Many Sunscreens Aren't the SPF They Claim to Be
from HealthyWomen’s Summer Safety area
by Stacey Feintuch
(Editor's note: This is the latest article in the monthly article service provided by CLUW from HealthyWomen. Each article addresses a topic large numbers of respondents asked for in the CLUW/HealthyWomen 2015 survey. Note that we have added a HealthyWomen link on the top of the homepage. We are archiving previous 2016 articles there.)
When you head out into the sun, you know that you and your family should be liberally covered in sunscreen, even if it's cloudy or freezing out. Sure, you sometimes don't use or reapply enough sunscreen or fail to rub it in properly. And you may ditch the hat and cover-up since they just don't match your new bikini. But you rely on that product—with its SPF touted on the label—to keep you and your family safe from the sun's harmful rays.
Unfortunately, your sunscreen may not be protecting you as much as you think, according to a new report from Consumer Reports. The magazine tested and rated more than 60 sprays, lotions and sticks with sun protection factors (SPF) of 30 or higher. They found that 28 of them weren't the SPF they claimed to be on the label. And three had an SPF of less than 15. That's not enough sun protection! The American Academy of Dermatology (AAD) recommends choosing a sunscreen with an SPF of at least 30.
The magazine says they've seen this pattern of results over several years. Of all the sunscreens they've tested over the past four years, half came in under the SPF on the label and one-third were under SPF 30.
Why is this happening?
The U.S. Food and Drug Administration (FDA) doesn't test sunscreens regularly. Rather, it requires that manufacturers test their products. But companies don't have to give the FDA the test results (just keep them on-hand in case the FDA asks for them). And products only have to be tested on people when a new product is released or when one is reformulated.
Why is this a big deal?
The sun may feel good as it warms your skin, but it can be harmful to you. Overexposure to UVA (aging ultraviolet rays) and UVB (burning ultraviolet rays) that are emitted from the sun can lead to skin cancer, says the AAD. UVA rays can also prematurely age your skin, causing wrinkles and age spots. UVB rays are the primary cause of sunburn.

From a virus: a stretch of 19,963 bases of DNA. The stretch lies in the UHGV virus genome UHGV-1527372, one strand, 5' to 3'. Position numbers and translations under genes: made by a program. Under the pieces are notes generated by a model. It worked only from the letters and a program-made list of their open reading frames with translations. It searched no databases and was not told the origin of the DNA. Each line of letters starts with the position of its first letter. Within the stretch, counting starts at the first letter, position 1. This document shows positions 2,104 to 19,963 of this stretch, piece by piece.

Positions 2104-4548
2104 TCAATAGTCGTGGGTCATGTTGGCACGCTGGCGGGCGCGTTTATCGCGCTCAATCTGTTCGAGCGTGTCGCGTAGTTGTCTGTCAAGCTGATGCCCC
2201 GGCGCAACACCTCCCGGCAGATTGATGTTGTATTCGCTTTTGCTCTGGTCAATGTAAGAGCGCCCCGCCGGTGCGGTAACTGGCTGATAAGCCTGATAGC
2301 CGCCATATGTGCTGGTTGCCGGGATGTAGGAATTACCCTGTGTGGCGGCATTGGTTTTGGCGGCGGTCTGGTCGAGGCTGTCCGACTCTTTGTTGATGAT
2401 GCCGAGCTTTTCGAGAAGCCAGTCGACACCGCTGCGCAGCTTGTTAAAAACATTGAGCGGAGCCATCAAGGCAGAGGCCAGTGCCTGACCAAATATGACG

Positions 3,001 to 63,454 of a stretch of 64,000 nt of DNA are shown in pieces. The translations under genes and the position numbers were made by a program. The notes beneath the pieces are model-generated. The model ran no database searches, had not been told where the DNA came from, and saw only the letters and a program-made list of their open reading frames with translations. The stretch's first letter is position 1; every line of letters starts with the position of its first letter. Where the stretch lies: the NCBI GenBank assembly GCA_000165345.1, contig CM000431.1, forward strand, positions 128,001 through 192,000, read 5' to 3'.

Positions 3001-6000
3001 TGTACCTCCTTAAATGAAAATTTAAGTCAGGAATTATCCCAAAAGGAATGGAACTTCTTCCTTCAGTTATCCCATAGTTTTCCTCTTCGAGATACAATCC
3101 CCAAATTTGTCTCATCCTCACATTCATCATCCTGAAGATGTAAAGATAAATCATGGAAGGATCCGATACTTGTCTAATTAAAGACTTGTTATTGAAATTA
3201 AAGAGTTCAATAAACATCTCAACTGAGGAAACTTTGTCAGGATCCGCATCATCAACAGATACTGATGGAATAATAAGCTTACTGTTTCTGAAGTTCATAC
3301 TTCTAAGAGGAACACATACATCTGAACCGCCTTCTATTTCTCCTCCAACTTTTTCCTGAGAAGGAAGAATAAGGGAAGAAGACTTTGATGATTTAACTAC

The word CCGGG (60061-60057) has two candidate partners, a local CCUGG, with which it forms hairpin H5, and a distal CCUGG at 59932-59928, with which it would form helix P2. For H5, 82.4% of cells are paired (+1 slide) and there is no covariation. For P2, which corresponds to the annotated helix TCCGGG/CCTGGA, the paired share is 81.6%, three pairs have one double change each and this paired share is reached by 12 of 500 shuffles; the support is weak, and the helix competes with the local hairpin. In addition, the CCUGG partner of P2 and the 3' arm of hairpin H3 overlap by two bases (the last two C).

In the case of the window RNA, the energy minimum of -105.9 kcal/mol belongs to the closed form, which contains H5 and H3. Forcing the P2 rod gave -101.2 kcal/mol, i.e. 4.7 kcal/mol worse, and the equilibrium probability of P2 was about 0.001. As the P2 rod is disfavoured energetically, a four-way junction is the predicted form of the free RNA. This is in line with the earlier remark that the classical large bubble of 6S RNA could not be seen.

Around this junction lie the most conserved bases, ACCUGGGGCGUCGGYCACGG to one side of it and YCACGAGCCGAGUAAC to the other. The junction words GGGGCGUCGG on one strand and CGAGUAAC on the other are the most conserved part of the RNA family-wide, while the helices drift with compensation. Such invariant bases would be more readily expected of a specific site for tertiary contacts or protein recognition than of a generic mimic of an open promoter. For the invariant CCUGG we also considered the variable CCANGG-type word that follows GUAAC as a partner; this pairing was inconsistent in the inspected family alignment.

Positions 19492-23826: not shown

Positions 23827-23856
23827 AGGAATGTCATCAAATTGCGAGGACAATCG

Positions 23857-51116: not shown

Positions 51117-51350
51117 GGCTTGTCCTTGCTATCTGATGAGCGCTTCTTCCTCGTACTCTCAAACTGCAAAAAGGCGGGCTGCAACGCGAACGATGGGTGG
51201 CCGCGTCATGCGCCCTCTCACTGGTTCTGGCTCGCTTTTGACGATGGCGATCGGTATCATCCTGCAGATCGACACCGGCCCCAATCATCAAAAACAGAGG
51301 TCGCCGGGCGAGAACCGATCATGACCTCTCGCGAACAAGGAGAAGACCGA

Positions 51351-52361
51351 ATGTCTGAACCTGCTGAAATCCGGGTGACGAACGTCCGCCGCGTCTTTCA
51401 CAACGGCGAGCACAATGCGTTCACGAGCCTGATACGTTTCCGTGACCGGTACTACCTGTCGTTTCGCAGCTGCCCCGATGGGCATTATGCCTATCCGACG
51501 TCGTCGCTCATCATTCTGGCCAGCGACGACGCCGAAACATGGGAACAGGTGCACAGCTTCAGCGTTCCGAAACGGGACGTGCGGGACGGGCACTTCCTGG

So what should you do?
Your best bet is to choose a chemical sunscreen (also known as organic)—which means it contains carbon compounds—with an SPF of 40 or higher. That will give you a better likelihood of getting a product with at least an SPF of 30.
A few of our top sun safety tips include:
Apply liberally. You want to use enough sunscreen to generously coat all skin that won't be covered by clothing, says the AAD. The average person needs 1 ounce, which is the equivalent of about 2 tablespoons—enough sunscreen to fill a shot glass. Your face needs a dollop the size of a nickel. Read more at The 10 Biggest Sunscreen Mistakes.
Apply it before you go out. It takes about 15 minutes for your skin to absorb sunscreen. So you want to apply sunscreen to dry skin 15 minutes before going outdoors, says the AAD. That practice will help ensure that you're protected right when you get outside. Read more at Why Using Sunscreen Is Not Enough.
Apply it even if it's cloudy or overcast. The sun's rays can pass through clouds. In fact, up to 80 percent of the sun's harmful UV rays can penetrate your skin, even on cloudy days, says the AAD. Read more at 9 Sunscreen Booby Traps to Avoid.
Apply even if you're covered. Regardless of whether you're sitting under an umbrella or wearing a hat, put on the sunscreen. Light can bounce onto you from reflective surfaces like concrete or dry sand. And hats are usually not large enough to shade your vulnerable ears, neck and nose.
Reapply often. Reapply sunscreen—even if it claims to be sweat- or waterproof—every two hours or immediately after swimming, toweling off or sweating profusely.
Apply regardless of your skin tone. Anyone can get skin cancer, regardless of the color of their skin. Yes, it's more common among lighter-skinned people, but people with darker skin can still develop skin cancer.
Monitor the expiration date. All sunscreens are required by the FDA to keep their original strength for at least three years. So, toss any sunscreen that's past its expiration date. Otherwise, the product won't provide you with its original strength. No date on the bottle? Mark the purchase date on the bottle with a permanent marker. That way you'll know when to throw it away. Also look for signs that the sunscreen isn't good anymore, such as changes in the product's consistency or color. Toss the bottle and get a new one.
For more information on the health topics mentioned in this article visit the Summer Safety article listed on HealthyWomen.org.